Nova Scotia has recently announced a new immigration strategy which aims to double the number of immigrants to the province by 2020, from the current target of 3,600 annually to 7,200.
Named “Welcome Home to Nova Scotia,” the strategy will target international workers with the technical skills and international contacts the province believes are necessary to become more innovative, productive and competitive and to offset a declining working age population. The strategy aims to see the government work more closely with employers, community organizations and labour to ensure the province attracts immigrants whose skills are most needed in the workforce.
The new strategy will also:
- provide critical employment information about credential recognition and settlement information, to help immigrants plan for working and living in Nova Scotia before they arrive
- improve settlement programs such as extending immigrant navigator services to all regions of the province
- ensure easier and quicker recruiting of temporary foreign workers for employers
- provide more protections for temporary foreign workers, and enhance programs that encourage them to make Nova Scotia their permanent home
- allow for strategic marketing to attract immigrants from around the world and international graduates already here in Canada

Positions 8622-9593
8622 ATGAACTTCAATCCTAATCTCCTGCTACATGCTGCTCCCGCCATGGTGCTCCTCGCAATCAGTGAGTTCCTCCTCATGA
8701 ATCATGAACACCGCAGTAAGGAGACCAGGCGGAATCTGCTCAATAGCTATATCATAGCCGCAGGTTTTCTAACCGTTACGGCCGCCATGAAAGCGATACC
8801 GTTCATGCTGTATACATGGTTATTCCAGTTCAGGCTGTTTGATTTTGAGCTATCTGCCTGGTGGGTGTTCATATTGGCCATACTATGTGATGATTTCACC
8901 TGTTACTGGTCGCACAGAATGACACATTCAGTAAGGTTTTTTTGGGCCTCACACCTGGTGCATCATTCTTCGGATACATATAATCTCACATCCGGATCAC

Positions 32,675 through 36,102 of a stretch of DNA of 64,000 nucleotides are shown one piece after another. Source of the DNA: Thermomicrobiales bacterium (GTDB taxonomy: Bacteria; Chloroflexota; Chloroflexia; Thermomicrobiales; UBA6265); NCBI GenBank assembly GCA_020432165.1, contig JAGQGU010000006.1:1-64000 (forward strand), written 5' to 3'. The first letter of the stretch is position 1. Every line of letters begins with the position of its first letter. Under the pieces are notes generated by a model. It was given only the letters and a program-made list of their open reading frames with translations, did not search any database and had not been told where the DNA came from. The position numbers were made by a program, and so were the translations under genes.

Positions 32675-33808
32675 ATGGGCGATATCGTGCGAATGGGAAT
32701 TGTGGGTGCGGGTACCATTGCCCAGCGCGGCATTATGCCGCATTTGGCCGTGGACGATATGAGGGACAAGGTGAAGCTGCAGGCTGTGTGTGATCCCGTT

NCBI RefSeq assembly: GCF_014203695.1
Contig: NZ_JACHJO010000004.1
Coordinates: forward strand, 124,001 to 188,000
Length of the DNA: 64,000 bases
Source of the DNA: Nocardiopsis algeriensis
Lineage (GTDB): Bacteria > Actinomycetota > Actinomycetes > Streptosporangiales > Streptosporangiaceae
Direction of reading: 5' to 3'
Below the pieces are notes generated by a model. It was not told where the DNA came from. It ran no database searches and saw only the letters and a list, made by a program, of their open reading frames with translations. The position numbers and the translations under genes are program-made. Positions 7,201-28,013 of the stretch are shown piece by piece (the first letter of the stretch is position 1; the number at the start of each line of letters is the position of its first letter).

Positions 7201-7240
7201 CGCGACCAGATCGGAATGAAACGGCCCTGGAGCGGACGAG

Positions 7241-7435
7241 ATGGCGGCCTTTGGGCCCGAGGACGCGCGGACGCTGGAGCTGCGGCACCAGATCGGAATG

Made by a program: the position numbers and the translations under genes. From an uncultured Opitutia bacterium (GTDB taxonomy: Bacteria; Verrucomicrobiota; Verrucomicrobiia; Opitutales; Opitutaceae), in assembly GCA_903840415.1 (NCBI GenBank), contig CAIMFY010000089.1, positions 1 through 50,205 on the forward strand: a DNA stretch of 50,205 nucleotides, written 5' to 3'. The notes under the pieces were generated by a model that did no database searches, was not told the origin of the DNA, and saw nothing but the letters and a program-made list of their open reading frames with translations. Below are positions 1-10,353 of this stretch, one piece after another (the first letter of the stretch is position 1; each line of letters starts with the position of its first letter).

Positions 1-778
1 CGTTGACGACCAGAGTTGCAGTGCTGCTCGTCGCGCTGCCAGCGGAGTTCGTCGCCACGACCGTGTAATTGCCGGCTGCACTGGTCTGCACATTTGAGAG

- establish a formal and ongoing evaluation of the nominee program to ensure accountability for immigrants, employers and taxpayers
To help meet its goal of doubling immigration, Nova Scotia will boost the number of immigrants it will sponsor under the Provincial Nominee Program (PNP) to 1,000 a year by 2015 and 1,500 a year by 2020. In order to do so, the province will require the federal government to lift the current caps placed on PNPs which limit the number of nominations that can be issued each year.
PNPs allow Canadian provinces and territories to sponsor skilled migrants who have skills in certain areas for permanent residence in Canada. In order to immigrate to Canada under a PNP, a person must first apply to the province in which they wish to settle and complete the provincial nomination process. After a person has received a provincial nomination, he or she must then make a separate application to Citizenship and Immigration Canada (CIC) for permanent residence.
For further information on PNP sponsorship and other types of applications for immigration to Canada please contact us.